What is the Title?

This question would never have arisen if I hadn't seen the actual register.

I am working with the Parish Register of St. David’s Church (Creswell, North Carolina). The register was microfilmed by the North Carolina State Archives, and the film is available on FamilySearch (FHL microfilm 260514, item 1.) A few years ago I visited the church where the physical register is kept and photographed the contents before FamilySearch digitized the microfilm. When I was writing a document that references the register, I discovered that the FHL microfilm is incomplete: there is one section totally omitted, there is useful material handwritten inside the front cover that is missing, and the publisher's register title page is missing. While I can use the digitized copy at FamilySearch for most of my references, I want to separately refer to the physical register to inform my readers that there is additional information in it that does not appear in FamilySearch.

My question if how should I refer to the physical register, i.e., what do I use as the title? The register is a preprinted blank book supplied by the denomination that could be used by any local parish. The register contains a title page for the physical register book itself, followed by a preprinted title page that the local parish completes. Attached are two photos of the pertinent pages from the actual register. The first image in the digitized microfilm on FamilySearch is the second page in my file, and thus is the title for the register that I suspect most researchers would use in their references. But I also want to create a reference to the physical register. Do I use the title as found in the first page of my file as the title, or that in the second page, or do I somehow need to include both?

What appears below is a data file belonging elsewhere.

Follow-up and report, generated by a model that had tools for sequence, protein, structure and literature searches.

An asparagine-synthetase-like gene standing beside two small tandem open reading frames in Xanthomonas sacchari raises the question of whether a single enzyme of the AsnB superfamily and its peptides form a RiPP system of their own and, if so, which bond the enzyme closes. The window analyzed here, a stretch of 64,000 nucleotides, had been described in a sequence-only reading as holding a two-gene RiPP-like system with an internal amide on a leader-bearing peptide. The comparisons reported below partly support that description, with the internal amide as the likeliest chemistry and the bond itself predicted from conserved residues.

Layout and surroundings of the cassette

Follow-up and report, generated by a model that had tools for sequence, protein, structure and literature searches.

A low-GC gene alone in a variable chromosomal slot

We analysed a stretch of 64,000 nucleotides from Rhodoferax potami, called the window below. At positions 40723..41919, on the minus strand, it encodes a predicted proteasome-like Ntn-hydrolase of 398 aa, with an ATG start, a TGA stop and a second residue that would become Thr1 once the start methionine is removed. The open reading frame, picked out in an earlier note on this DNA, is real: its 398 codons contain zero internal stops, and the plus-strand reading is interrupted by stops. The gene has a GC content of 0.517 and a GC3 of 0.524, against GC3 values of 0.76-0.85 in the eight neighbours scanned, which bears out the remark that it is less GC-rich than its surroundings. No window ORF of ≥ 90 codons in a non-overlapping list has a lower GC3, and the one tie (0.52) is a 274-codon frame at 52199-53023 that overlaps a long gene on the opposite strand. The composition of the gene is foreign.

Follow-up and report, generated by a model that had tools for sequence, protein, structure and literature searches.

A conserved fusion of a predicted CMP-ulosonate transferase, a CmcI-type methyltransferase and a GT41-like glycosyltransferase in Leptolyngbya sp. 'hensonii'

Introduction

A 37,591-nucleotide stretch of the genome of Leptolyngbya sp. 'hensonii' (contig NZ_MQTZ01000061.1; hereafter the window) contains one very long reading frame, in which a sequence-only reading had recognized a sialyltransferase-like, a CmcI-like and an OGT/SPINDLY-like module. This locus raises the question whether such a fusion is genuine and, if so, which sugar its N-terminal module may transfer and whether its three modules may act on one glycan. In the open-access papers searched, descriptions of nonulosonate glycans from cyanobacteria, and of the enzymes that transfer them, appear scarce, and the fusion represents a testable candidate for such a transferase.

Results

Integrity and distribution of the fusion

Or, as is very common, am I overthinking this?



Upload a document

Submitted byEEon Thu, 02/04/2021 - 16:23

Interesting situation, Tom. If you cite the preprinted title page, your citation will convey an impression that you are citing a published source. EE would use the second page, as the title page, citing it as a manuscript register, then add a layer at the end to say something such as

... ; entries are recorded in a preprinted register published as [basic book citation for the rest of the entry].



Submitted byHendricksonon Fri, 02/05/2021 - 17:33

I have a similar question. The Tithe Applotment Books are on FamilySearch and I am not quite sure what to use for the title. https://www.familysearch.org/ark:/61903/3:1:9396-J29M-Z5?cc=1804886

My assumption is that the Irish Church Temporalities Commission is the creator.

In attempting to create a title, I added the handwritten information in with the words Applotment Book and put it in quotation marks as in the example above. The date (1829) in on image 2 on an inside page. Does this work for layer 1?

Ireland, Irish Church Temporalities Commission, "Applotment Book, Parish of Forgney, Diocese of Meath, County of Longford" (1829), unnumbered pages, arranged by unalphabetized townlands, entry for  "Thos." Flood of Rath.

Submitted byEEon Fri, 02/05/2021 - 19:39

Hendrickson, given that this volume is part of a named database, the easiest way to cite it would be to cite the database, path, and waypoints:

"Ireland Tithe Applotment Books, 1814–1844," FamilySearch (https://www.familysearch.org/ark:/61903/3:1:9396-J29M-Z5?cc=1804886 : accessed 5 February 2021) > Longford > Forgney, 1829 > image 3, entries 19 and 20, Patt Muldoone.

Choosing this format means that whichever set of applotment books you use, you'll have just one master source.

Incidentally, I did not read all 19 images looking for Thomas Flood of Rath (your example), hence my use of the Patt Muldoone example on the first page. As a tip for the future, when we cite a register with unnumbered pages, we need to search for some means of identifying the exact page. In a database that contains just 19 pages, it's feasible to count them ourselves and then say "unnumbered p. __." (EE has examples for handling this in different ways at 5.19, 6.8, 6.34, 6.52, 7.8, 9.8, 10.45, 12.14.)



Submitted byTheCounton Sat, 02/06/2021 - 09:07
Thanks EE. I almost went down that path though I don't tend to lump my sources together. I figured since the title page existed I should be able to emphasize the image. This is certainly easier though.

Submitted byEEon Mon, 02/22/2021 - 09:15

That's a logical thought. Meanwhile, this source is another good example of why flexible approaches for citing historical sources are a good thing in the Internet age where any source can exist in various forms.